Healing in Honduras
For 17 years, the Raymond brothers—doctors Frank, Clifford, Jonathan, Norman, and Russell—led by Major Richard Shafstall, a retired Salvation Army officer, have engaged a team of nurses, medical specialists, and Salvationists from the USA Eastern Territory to San Pedro Sula, Honduras. They’ve provided free medical care and spiritual healing to its most needy residents. Frank, Clifford, and Norman are OB/GYNs; Russell is an interventional cardiologist; and Jonathan is a behavioral psychologist and a former university president. Alongside Norman is Jackie, his wife, who is a registered nurse. Also helping blaze the way in this medical missions endeavor are Karen and Marcia, who are Russell and Clifford’s wives, respectively.
Twenty years ago, Honduras suffered unimaginable destruction from tropical storms. And due to gang violence, today the country is widely considered one of the most dangerous in the world.
Despite this reality, the Raymonds continue their missions. With each trip, the brothers and their team bring with them more than $500,000 worth of prenatal medicines, vitamins, skin medications, and other supplies. Typically, they remove cancerous skin moles, treat a wide variety of infections, and administer check–ups. They have also treated bullet and machete wounds in the field. In less than a week, they’ll see as many as 4,500 patients, many of whom will see a doctor for the first time.
“It is Christ’s message of love for one another that excites us in this mission,” says Norman, corps sergeant major at the Army’s Chapel at Worthington Woods in Columbus, Ohio. “Jesus said, ‘When I was hungry you fed me, when in prison you visited me. And when I was naked you clothed me. When you’ve done it unto the least of these, you’ve done it unto me …’ Even a cool cup of water, medicine or a pair of shoes, in His name, means the world to people who have nothing.”
The Salvation Army has been in Honduras since the 1950s. But when Hurricane Mitch hit the country in October of 1998, officers from Northeastern Ohio asked the Raymond family to help.
“I remember that we couldn’t even make it to Honduras until January of 1999, because for several months the airport was under deep flood waters. Planes couldn’t leave or land,” recalls Russell.
When the brothers arrived in January, they saw first-hand the damage that Mitch had done. Ninety percent of Honduran businesses and industry were lost. Salt water had killed the agriculture and contaminated the once fertile land. The fresh, clean water supply was gone. Thousands of people had lost their lives.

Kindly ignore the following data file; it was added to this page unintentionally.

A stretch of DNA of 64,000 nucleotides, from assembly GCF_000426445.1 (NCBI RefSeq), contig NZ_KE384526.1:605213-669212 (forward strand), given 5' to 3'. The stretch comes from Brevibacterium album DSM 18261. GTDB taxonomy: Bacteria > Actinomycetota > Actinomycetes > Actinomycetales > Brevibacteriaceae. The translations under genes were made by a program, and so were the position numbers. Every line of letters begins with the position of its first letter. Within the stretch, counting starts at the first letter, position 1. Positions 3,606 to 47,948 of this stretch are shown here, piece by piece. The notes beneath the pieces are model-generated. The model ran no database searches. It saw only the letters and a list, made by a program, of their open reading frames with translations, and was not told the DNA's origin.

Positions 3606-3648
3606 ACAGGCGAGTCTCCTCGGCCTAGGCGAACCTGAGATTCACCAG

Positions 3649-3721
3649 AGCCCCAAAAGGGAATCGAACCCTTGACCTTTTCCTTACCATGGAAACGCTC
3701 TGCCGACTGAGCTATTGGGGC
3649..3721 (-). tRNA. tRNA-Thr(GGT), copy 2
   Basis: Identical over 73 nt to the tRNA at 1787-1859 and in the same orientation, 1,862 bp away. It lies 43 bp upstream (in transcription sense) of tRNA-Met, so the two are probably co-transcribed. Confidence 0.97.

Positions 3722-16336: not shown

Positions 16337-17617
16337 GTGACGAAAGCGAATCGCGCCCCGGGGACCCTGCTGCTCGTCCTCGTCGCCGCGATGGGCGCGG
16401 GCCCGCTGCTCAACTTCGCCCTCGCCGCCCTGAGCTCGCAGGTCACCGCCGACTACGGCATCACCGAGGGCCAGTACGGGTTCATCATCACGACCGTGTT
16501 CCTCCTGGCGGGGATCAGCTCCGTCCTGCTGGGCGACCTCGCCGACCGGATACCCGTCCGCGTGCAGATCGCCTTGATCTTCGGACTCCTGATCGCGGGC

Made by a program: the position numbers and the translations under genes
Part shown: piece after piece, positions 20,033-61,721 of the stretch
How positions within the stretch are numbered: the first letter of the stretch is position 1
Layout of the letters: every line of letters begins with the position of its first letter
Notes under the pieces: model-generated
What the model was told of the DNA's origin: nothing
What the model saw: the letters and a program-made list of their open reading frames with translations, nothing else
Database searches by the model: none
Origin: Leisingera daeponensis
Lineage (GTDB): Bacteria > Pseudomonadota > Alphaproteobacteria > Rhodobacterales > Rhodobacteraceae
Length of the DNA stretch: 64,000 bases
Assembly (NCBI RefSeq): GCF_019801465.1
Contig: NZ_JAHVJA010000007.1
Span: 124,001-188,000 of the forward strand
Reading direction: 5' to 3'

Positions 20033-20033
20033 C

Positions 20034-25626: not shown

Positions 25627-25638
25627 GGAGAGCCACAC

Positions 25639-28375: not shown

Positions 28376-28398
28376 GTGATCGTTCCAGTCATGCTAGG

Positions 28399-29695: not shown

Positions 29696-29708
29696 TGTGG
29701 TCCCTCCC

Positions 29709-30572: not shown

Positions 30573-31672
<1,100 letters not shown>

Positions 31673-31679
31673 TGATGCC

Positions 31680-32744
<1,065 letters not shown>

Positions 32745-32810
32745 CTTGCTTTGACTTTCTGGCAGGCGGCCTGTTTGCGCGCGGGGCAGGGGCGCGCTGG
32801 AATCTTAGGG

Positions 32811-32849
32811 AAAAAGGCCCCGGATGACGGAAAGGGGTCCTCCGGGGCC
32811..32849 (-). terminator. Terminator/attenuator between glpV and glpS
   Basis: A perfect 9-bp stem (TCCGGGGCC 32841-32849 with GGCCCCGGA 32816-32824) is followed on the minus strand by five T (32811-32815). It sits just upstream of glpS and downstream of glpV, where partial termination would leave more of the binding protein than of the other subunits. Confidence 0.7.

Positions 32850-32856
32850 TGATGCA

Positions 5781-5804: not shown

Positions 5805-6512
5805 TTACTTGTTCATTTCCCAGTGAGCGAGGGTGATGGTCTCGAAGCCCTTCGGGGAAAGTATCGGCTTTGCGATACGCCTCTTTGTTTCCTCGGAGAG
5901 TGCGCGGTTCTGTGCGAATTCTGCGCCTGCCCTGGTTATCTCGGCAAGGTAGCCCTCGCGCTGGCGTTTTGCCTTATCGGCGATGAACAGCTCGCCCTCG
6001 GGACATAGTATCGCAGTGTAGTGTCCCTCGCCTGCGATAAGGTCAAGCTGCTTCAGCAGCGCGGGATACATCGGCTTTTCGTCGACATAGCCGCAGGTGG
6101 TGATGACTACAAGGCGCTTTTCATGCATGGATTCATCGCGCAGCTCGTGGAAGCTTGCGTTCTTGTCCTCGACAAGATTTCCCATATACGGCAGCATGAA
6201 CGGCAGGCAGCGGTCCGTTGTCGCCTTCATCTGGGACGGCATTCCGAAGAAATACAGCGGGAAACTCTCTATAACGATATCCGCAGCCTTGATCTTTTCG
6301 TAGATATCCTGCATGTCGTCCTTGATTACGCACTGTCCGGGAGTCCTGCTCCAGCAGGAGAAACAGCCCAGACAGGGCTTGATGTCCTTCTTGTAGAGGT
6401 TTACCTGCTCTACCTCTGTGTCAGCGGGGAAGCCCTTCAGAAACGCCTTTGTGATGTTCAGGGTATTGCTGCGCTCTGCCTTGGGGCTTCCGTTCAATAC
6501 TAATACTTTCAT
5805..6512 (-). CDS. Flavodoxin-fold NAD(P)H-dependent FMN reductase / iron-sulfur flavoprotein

“In one day, 10,000 people died,” says Norm. “Families were literally washed away. The people who survived had run into the mountains to escape the flooding. That’s why you see so much poverty the higher up you go in Honduras. They’re the people who lost everything.”
Norman remembers meeting a woman who had lost two sons and her husband. He had been a successful banker who provided for the family, but because she had no education or work experience, she was forced to live in the mountains with her surviving daughter. The only material possession the mother owned was her wedding ring, which she held dear.
“This woman had gone from a comfortable, upper–middle class way of life, to complete poverty,” says Norman. “Her story was one of thousands.”
Since 1980, the Raymond Foundation, a charity of Cliff and Marcia Raymond, helps to fund the trip to San Pedro Sula. The foundation’s initial goal was to help young people attend Christian high school and medical school. But through the years, the Honduras mission trip became the focus.
The brothers bring other doctors and nurses from Chicago, New York, Cleveland, and Columbus, their home city. Says Cliff, “The trip is always a blessing for us. It’s a privilege to help and to serve. It’s also a way to work together with colleagues and to learn from each other away from a traditional clinic.”